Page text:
Classroom Interpreters - Collaborating with the Educational Team
The educational team is a community of professionals whose collaborative efforts and expertise foster the cognitive and social development of students who are deaf or hard of hearing. As required by federal law and best practices in education, the team must work together to plan, develop, and implement each student’s program.
Most likely the educational team will consist of the parents or other family members, a deaf educator, a speech pathologist, the classroom teacher, and an audiologist. The educational interpreter is a member of this team as a related service provider. The student should also be on the team if old enough. There may be other team members depending on the needs of the student.
Be a Team Member
The educational interpreter is an important member of the educational team. The Individuals with Disabilities Education Improvement Act (IDEA) has identified the educational interpreter as a related service provider. The educational interpreter often provides the educational team with information about how well the placement is working.
Professionals work collaboratively to ensure educational access for a student. No one member of the team can design and implement an appropriate placement. It takes a team. Team members listen and learn from each other. When they disagree, they are respectful and professional. The interpreter can gain respect from team members by initiating thoughtful, informed problem-solving and decision-making practices.
Talk About Problems and Decisions
An educational interpreter makes many decisions during the course of the day. It is part of the job. However, the interpreter should discuss the challenges that she/he has and the decisions that she/he makes with the educational team. The entire team needs to understand the day-to-day decisions the interpreter is making. Does the interpreter alter content because she/he hopes the student will understand it better? Does the interpreter avoid fingerspelling because the student doesn’t seem to process it? Does she/he have to help the student initiate classroom participation?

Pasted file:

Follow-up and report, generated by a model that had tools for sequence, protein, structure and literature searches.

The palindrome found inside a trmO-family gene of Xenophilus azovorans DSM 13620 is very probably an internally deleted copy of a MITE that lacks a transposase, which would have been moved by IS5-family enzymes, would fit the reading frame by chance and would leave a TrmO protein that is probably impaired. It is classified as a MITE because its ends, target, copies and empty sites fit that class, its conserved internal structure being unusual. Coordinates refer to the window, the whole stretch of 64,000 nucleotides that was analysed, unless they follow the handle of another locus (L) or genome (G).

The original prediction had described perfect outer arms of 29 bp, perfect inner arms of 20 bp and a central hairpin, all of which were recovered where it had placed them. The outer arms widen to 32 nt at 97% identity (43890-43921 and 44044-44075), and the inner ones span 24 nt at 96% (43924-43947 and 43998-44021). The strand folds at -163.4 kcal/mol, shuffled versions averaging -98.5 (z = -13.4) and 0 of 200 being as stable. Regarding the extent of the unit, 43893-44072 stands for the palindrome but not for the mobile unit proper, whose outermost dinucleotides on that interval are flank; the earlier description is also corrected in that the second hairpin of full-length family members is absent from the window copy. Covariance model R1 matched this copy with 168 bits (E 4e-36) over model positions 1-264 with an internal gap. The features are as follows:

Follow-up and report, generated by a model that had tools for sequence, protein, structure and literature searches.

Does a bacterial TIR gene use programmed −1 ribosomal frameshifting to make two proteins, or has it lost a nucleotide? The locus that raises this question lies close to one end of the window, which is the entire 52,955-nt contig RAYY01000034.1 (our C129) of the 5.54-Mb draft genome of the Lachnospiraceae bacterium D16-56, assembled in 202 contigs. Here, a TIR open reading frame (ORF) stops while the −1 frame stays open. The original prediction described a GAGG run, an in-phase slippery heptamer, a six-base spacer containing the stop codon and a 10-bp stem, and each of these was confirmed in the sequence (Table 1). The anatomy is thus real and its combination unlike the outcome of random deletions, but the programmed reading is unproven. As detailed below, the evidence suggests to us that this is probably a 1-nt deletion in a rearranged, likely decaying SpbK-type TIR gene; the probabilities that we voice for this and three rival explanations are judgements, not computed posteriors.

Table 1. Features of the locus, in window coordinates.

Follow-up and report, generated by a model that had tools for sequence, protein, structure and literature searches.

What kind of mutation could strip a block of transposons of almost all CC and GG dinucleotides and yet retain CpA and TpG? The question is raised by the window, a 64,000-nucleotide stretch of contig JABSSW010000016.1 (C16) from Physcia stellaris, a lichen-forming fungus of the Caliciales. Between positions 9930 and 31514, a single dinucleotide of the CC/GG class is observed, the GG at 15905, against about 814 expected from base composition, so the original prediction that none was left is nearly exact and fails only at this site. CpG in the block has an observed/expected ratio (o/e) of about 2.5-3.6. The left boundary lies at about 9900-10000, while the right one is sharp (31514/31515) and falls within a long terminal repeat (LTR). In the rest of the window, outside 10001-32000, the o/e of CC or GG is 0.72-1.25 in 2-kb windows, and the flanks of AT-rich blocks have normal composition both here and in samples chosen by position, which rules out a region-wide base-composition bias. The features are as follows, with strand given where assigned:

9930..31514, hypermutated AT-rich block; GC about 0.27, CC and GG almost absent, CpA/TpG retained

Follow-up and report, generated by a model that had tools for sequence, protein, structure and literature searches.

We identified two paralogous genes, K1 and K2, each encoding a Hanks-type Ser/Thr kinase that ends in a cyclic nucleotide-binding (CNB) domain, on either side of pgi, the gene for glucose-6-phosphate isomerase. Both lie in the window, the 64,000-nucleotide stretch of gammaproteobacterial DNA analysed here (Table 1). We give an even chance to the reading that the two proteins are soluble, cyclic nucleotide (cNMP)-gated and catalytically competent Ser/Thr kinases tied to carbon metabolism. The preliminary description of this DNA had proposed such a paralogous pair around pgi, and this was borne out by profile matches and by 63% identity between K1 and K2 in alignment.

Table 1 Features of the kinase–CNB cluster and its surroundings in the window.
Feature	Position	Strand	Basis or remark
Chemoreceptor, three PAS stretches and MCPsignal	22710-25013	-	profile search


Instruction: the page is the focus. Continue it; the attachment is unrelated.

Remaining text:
Do not just talk about academic issues. It is valid to talk about how the student is interacting with classmates and teachers. It is also reasonable to discuss issues related to the student’s understanding of the interpreter’s role.
Report Objective Observations and Behaviors
The educational team must be informed of the student’s responses and behaviors that cause concern for the interpreter. The interpreter should be specific. Instead of saying, “Isaac can’t understand the teacher,” the interpreter should give specific examples of when and what he didn’t understand. For example, “Isaac couldn’t answer any of the teacher’s questions in the unit on how Native Americans lived. He couldn’t recall the new vocabulary in the lesson when he was completing the follow-up assignment. He had to keep asking questions.”
The interpreter can keep simple accounts of behaviors to help the team understand how frequent or infrequent a behavior is. For example, “Danny answered the teacher’s question incorrectly one time out of ten times.”